December saw continued strong volume in US auto markets, with sales (red line) at pre-Crisis levels for the month. The key driver is the need to replace ageing vehicles, but manufacturers were also generous with rebates and credit offers to help clear inventory:
• Overall, 2012 sales were up 13% versus 2011 at 14.5m
• At the same time, the average age of the US fleet hit a new record 11.1 years
• GM offered $9k rebates on some models to cut pick-up supply by 20k
This is therefore quite a different market from the 1995-2007 supercycle, when sales averaged 16m/year, and hit 17.3m at their 2000 peak.
Today, manufacturers are benefiting from the low sales seen between 2009-11, as this means the used vehicle market is much smaller than normal. Only 10.4m autos were sold in 2009, for example, so there are relatively few vehicles now available to used-car buyers. In turn, this means prices are relatively strong.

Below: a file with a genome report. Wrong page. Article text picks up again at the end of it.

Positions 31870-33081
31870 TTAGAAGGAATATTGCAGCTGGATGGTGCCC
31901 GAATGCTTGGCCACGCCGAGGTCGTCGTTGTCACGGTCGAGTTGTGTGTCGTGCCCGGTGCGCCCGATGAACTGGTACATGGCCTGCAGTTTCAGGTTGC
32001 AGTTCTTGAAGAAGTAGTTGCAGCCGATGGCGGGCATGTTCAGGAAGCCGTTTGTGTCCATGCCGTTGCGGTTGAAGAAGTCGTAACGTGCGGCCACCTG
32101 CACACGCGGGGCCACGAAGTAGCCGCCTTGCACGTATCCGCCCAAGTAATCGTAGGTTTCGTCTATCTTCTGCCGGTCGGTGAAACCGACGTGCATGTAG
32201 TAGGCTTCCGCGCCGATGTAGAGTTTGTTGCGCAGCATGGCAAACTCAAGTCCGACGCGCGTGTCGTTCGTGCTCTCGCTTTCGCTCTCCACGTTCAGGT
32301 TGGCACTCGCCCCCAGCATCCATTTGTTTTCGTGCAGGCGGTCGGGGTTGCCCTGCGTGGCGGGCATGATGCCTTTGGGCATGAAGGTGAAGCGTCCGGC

So for an average American, the attraction of a new car is much higher than normal. Manufacturers have also spotted this trend, and eased their credit conditions to ensure buyers can borrow the money required. Buyers thus effectively have a choice between a relatively high-priced used car, or an attractively priced and financed new car.
How long this trend will last is a critical question, of course. The blog will analyse this in more detail, as soon as the relevant data becomes available.